Food review: Loaf & Bloom, Debenhams, Wolverhampton
Debenhams has finally opened in Wolverhampton and it comes with a new deli restaurant Loaf & Bloom. Emily Bridgewater pays a visit . . .
I blame the Prosecco. Lunchtime drinking never ends well.
A glass of fizz each and my colleague and I decided it was high time for a spot of Christmas shopping in Boots.
And so we found ourselves anxiously dashing around the aisles scouting the three-for-two gifts.
To add to the angst-induced frenzy of Christmas bargain hunting while half tipsy, the high street favourite was offering £10 worth of Advantage points – if you spend £50.
Just the thought of the maths involved to make this deal worthwhile has me breaking a sweat. Six gifts for £12.50, or three for £25 . . . Do I actually need six gifts, but do I know anyone worthy of a £25 Soap & Glory gift set? But is it really £25, if you get three for the price of two? Gah. And breathe.
Does anyone else find the whole three-for-two debacle as stressful as cooking a gluten free Christmas lunch for a cantakerous old aunt you never see for the other 364 days of the year? That’s all of us then.
And our lunch break had started so well . . .
We decided to try out the café inside Wolverhampton’s glossy new branch of Debenhams.
Having braved the crowds on opening day, we were relieved to find the store a bit quieter.
However, on arrival at Loaf & Bloom, on the second floor next to the children’s clothes, chaos still reigned with both staff and customers not qute knowing what was what.
A meek woman displaying a Debenhams’s badge was attempting to hand out menus on clipboards at the restaurant’s entrance, while other members of staff from behind the counter tried to attract diners’ attention with calls of ‘can I help you?’. It wasn’t quite clear how the ordering process worked.
That aside, the new ‘deli kitchen’ looked very inviting. The mixture of light wood furniture, darker parquet-style flooring, plenty of greenery and furnishings the colours of summery sorbet, it has the feel of a spa restaurant.
‘A tranquil and uplifting space, allowing you to put down your bags and take a break from shopping’, says the Loaf & Bloom web spiel.
But what about the food? Promising ‘healthy, tasty lunches and snacks from our wholesome, seasonal menu’ we were keen to tuck in.
Sandwiches and huge bowls of inventive-looking salads were appealing. There were decadent cakes behind glass domes and a fridge dislplaying drinks and pots of fresh fruit. We browsed the hot food menu which includes options such as beef meatballs, or butternut squash and rosemary soup, both served with handcut sourdough bread. Loaf & Bloom also serves brunch, and after 2pm, there are platters of food to share.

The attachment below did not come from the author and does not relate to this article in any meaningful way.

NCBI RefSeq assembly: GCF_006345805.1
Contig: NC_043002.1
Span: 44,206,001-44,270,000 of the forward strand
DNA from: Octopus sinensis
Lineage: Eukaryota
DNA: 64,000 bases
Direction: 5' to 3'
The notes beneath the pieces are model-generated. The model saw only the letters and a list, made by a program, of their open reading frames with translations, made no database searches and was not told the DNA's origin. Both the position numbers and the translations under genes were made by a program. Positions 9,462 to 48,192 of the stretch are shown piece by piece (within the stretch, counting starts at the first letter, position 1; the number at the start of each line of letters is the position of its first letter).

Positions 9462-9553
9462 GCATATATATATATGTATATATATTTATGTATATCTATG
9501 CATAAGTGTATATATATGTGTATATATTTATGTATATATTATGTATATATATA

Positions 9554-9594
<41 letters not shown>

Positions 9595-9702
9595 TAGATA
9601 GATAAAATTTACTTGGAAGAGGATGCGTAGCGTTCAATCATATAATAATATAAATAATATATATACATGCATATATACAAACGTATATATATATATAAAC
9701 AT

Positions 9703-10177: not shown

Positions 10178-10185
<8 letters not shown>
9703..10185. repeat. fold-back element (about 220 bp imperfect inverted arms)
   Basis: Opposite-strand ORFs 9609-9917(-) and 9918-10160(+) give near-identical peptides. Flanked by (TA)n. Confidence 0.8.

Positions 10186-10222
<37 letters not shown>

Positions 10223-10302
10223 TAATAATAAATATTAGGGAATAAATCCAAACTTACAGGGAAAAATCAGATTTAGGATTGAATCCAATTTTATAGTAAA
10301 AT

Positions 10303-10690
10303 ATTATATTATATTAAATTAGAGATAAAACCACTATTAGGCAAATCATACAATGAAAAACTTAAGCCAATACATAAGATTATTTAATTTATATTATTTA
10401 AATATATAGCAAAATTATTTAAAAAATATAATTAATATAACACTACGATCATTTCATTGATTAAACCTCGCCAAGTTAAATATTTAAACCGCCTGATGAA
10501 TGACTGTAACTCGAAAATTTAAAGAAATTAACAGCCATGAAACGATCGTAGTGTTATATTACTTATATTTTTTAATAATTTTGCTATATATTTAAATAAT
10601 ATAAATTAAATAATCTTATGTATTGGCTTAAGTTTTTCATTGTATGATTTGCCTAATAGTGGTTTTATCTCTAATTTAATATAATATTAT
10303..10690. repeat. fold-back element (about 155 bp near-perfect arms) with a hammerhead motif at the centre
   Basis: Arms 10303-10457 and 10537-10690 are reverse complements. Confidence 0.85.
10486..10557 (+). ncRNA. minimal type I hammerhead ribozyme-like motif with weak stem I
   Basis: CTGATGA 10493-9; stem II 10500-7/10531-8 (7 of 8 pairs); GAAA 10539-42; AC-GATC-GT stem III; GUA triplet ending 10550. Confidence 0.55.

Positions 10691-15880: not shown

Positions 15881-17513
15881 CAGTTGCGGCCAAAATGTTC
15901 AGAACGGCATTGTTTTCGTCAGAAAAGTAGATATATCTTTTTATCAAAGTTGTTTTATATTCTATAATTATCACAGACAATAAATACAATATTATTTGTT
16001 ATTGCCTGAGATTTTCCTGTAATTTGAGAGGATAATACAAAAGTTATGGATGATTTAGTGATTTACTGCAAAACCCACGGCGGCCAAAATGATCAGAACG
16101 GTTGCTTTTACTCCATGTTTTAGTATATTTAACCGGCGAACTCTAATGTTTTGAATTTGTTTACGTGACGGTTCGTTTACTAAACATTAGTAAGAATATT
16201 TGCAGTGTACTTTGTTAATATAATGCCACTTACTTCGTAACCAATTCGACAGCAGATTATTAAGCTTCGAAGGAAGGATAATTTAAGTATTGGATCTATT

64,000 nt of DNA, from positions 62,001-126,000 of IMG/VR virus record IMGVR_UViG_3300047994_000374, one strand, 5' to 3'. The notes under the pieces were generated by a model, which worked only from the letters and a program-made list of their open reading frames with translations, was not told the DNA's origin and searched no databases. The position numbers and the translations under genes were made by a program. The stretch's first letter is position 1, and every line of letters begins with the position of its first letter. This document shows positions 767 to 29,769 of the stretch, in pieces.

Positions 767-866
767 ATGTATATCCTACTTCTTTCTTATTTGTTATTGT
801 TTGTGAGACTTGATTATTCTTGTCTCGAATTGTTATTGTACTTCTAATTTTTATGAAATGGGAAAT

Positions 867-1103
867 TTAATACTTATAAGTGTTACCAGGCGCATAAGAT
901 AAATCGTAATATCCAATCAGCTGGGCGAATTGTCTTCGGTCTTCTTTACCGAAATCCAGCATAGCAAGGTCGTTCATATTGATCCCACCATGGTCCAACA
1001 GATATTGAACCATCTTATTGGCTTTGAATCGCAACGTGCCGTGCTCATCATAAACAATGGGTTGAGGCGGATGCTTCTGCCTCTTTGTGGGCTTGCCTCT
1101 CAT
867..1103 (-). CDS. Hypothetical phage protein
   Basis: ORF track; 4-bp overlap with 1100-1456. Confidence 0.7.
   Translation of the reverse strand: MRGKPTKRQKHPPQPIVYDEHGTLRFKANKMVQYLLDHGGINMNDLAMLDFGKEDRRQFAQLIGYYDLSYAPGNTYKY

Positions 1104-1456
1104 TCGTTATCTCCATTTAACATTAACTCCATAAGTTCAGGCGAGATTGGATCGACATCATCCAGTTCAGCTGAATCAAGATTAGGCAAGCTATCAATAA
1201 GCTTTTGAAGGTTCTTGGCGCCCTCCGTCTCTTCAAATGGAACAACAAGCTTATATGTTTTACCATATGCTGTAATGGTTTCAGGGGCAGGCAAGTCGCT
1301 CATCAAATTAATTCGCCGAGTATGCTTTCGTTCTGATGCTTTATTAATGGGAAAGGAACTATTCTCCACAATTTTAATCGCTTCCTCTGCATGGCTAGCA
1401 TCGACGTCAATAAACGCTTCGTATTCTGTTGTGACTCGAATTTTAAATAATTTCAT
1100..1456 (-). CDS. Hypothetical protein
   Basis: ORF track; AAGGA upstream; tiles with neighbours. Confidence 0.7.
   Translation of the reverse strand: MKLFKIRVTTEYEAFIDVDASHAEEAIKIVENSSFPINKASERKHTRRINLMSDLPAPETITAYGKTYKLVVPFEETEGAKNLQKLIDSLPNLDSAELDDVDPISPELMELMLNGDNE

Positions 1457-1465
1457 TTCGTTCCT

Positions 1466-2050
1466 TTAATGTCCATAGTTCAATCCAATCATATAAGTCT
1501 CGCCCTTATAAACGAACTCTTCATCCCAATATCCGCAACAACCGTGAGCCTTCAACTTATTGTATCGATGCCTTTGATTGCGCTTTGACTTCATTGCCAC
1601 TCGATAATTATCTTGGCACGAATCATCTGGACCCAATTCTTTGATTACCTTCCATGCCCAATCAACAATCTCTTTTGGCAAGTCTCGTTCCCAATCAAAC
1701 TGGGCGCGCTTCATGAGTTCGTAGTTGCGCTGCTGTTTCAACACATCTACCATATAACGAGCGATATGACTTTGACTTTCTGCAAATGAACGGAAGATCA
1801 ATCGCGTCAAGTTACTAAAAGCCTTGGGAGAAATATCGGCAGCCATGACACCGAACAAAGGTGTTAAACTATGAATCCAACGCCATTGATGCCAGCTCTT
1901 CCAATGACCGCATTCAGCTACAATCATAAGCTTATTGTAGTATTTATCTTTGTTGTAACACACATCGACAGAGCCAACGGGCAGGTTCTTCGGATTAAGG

My friend chose from the hot food selection, opting for the salmon and broccoli fishcakes, which came served with a choice of salad. I meanwhile, couldn’t resist the look of the unusual salad bowls and chose three of those. I could have accompanied it with roast chicken or smoked salmon but, with a plate piled high, it was enough on its own.
We ordered soft drinks, two glasses of Prosecco from the small but pleasant wine list, and two cakes for good measure. It came to £35.
We grabbed one of the tables with comfy chairs – think conservatory chic rather than pensioner’s palace – and awaited the arrival of my friend’s fishcakes and our glasses of fizz. And wait we did. The fishcakes came fairly quickly although we feared the Prosecco had been forgotten. However, as my pal rightly pointed out ‘maybe it’s wise we eat a bit first’. The salads were delish. Of the selection of five, I chose the beetroot, parsley and pistachio; the freekah with raisins and cauliflower; and the giant cous cous with sweet potato. They were the kind of ingredient-rich salads popularised by Jamie Oliver and Yotam Ottolenghi. The beetroot salad was superb with plenty of crunchy, vivid green pistachio nuts and a subtle amount of parsley.
The freekah (which always wants me to break into a rendition of Another Level’s Freak Me) was gently spiced with the flavours of a Moroccoan souk, while the sweet potato and cous cous mix was disappointingly flavourless. The root vegetable was undercooked and the grains lacked seasoning. All the combinations worked well together though, and it made a really delicious change from the usual tomato/lettuce/cucumber option which all too often consitutes as a salad.
Meanwhile, my friend described her fishcakes as ‘chunky, meaty and delicious but could’ve done with more broccoli’. She was served two generous cakes and a bowl of salad for the reasonable price of £8.75. Her accompanying pea and mint salad was refreshing and light, although she was less enamoured by the wild rice and cranberry combo.
Eventually the Prosecco arrived and was a lovely, light accompaniment to our salad. Our lunch was now fizzing along nicely. Despite the wait for our drinks, the service was polite; nothing felt like too much trouble.
Sweet treats included a spectacular maple and chocolate slice, and less than fantastic brownie. The maple slice was rich and caramely, with the texture of a biscuit fridge cake. Sadly, the brownie was dry and lacked a real punch of decadent cocoa.
As talk turned to Christmas shopping, we decided it was time to leave this tranquil paradise.
In hindsight, with the madness of Boots and its triple whammy of points and gifts that followed, we probably should have shopped first and then recovered in Loaf & Bloom afterwards.
Still, there’s always next time . . .